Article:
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IP address addition

certhelpcerthelp Member Posts: 191
If we could add IP addresses ( only IPv4), adding 192.168.1.1 and 10.1.1.1 gives 202.169.2.2:
    
[FONT=lucida console]    192.168.1.1
 +  010.001.1.1
    -----------
    202.169.2.2

[/FONT]

How would you handle octets greater than 254? Cary over to next octet?
    
[FONT=lucida console]    192.168.1.1
 +  010.100.1.1
    -----------
    192.[B]268[/B].2.2

[/FONT]

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    LizanoLizano Member Posts: 230 ■■■□□□□□□□
    Its been a while but dont you need to convert each octet to binary first, then add them as binary and then change it back?
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    TrifidwTrifidw Member Posts: 281
    What will the purpose be again? *Confused*
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    certhelpcerthelp Member Posts: 191
    There doesn't seem to be any practical use, as far as I can tell. It's just a question to test some sort of skills, I guess.icon_confused.gif:
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    CodeBloxCodeBlox Member Posts: 1,363 ■■■■□□□□□□
    There is no real point to doing this. But I think you'd carry any bits over to the next octet that make the value more than 255 for any single octet. An IP address is only 32 bits and if you have an octet with a value of 268, that requires at least 9 bits. That breaks IP addressing.

    Edit: I am referring to IPv4 in this post
    Currently reading: Network Warrior, Unix Network Programming by Richard Stevens
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    certhelpcerthelp Member Posts: 191
    Lizano thanks for the reply. But binary is just representation, adding in binary or decimal would give the same numbers for the octets which could be greater than 255.

         184.168.185.085 => 10111000.10101000.10111001.01010101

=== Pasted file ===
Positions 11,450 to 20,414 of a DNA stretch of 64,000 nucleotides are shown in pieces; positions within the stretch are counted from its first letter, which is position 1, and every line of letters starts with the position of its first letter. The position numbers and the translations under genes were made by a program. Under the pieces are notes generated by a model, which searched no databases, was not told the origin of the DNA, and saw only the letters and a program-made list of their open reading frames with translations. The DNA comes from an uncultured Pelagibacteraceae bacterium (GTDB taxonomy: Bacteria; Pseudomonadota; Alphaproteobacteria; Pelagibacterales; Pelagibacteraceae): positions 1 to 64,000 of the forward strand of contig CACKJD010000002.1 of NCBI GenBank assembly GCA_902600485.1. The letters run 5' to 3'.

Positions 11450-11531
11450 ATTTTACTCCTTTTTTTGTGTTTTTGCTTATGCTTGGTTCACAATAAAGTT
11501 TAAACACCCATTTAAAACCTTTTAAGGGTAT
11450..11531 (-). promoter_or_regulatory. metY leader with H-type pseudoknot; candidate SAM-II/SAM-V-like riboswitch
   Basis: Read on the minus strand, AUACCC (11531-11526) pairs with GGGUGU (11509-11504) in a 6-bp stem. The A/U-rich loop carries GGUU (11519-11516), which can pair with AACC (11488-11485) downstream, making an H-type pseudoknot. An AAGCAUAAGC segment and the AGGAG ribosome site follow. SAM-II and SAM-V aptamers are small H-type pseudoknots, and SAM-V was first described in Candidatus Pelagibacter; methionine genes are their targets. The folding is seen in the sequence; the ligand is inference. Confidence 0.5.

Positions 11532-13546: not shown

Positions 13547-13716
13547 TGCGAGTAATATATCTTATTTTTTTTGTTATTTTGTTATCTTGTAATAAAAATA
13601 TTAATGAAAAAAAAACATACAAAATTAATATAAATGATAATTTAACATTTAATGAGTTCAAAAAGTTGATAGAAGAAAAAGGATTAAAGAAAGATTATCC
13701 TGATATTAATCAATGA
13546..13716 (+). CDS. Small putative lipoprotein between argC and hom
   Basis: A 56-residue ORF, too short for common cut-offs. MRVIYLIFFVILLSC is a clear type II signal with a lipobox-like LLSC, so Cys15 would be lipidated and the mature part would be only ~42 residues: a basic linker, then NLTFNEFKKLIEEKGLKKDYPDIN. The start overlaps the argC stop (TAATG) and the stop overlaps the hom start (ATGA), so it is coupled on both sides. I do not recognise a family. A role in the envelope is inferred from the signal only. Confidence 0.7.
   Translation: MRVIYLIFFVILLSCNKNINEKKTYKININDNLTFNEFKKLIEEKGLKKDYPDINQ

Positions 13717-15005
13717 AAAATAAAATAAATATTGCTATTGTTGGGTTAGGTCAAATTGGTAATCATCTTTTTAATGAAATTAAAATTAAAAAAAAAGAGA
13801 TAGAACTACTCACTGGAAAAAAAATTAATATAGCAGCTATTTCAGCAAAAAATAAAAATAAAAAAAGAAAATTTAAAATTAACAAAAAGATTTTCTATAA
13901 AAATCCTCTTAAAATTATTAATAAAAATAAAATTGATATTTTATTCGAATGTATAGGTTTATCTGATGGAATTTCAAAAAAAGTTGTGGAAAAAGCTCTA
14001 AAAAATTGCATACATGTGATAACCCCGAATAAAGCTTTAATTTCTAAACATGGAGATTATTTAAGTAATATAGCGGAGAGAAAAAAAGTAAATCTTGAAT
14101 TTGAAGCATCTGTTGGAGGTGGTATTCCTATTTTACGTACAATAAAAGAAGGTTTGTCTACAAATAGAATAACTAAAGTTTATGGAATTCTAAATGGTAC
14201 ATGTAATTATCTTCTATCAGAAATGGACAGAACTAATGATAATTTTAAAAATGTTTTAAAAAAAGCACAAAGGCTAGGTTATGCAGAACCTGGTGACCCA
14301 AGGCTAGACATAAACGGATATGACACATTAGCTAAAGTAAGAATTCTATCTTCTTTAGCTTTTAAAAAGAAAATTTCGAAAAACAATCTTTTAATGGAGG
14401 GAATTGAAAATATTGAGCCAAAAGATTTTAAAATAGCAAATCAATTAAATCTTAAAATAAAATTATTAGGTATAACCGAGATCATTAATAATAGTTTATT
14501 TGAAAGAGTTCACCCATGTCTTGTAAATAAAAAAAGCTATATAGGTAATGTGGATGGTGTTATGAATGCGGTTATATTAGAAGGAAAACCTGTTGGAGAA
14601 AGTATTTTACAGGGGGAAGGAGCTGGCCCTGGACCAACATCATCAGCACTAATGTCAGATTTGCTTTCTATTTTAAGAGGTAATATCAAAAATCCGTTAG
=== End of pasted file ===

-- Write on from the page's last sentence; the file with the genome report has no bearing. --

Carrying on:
+    064.202.189.170 => 01000000.11001010.10111101.10101010
        -----------------    -----------------------------------
         248.370.374.255 => 11111000.101110010.101110110.11111111
     
    
       11111000.101110010.101110110.11111111 => 248.370.374.255
    


    So, I can add the octets but don't know what to do with invalid octets greater than 255. icon_smile.gif I could subtract the octets greater than 255 by 256 and use the reminder. Any other options?
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    certhelpcerthelp Member Posts: 191
    Thanks CodeBlox.
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    VAHokie56VAHokie56 Member Posts: 783
    icon_scratch.gificon_scratch.gif....but why?
    .ιlι..ιlι.
    CISCO
    "A flute without holes, is not a flute. A donut without a hole, is a Danish" - Ty Webb
    Reading:NX-OS and Cisco Nexus Switching: Next-Generation Data Center Architectures
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    certhelpcerthelp Member Posts: 191
    VAHokie56 wrote: »
    icon_scratch.gificon_scratch.gif....but why?

    I don't know either. I will certainly ask the person who asked me if I get a chance. :)
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    jamesp1983jamesp1983 Member Posts: 2,475 ■■■■□□□□□□
    VAHokie56 wrote: »
    icon_scratch.gificon_scratch.gif....but why?

    x2, but I would think carry over to next octet.
    "Check both the destination and return path when a route fails." "Switches create a network. Routers connect networks."
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    certhelpcerthelp Member Posts: 191
    jamesp1983 wrote: »
    x2, but I would think carry over to next octet.

    You mean carry over to the left octet starting from right most octet. Correct? Since the left most octect has nothing left of it to carry over, it should be dropped?
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    CodeBloxCodeBlox Member Posts: 1,363 ■■■■□□□□□□
    That's what I'm saying. Start from the least significant bits ( rightmost ) and work your way left.
    Currently reading: Network Warrior, Unix Network Programming by Richard Stevens
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    certhelpcerthelp Member Posts: 191
    CodeBlox wrote: »
    That's what I'm saying. Start from the least significant bits ( rightmost ) and work your way left.

    Thanks.
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    certhelpcerthelp Member Posts: 191
    Strange...I can convert the dotted quad IPs to IP decimal and add them to get the new IP decimal number, then convert back to dotted quad IP. But, the conversion tools (Decimal/Dotted-Quad Conversion) available on internet only give me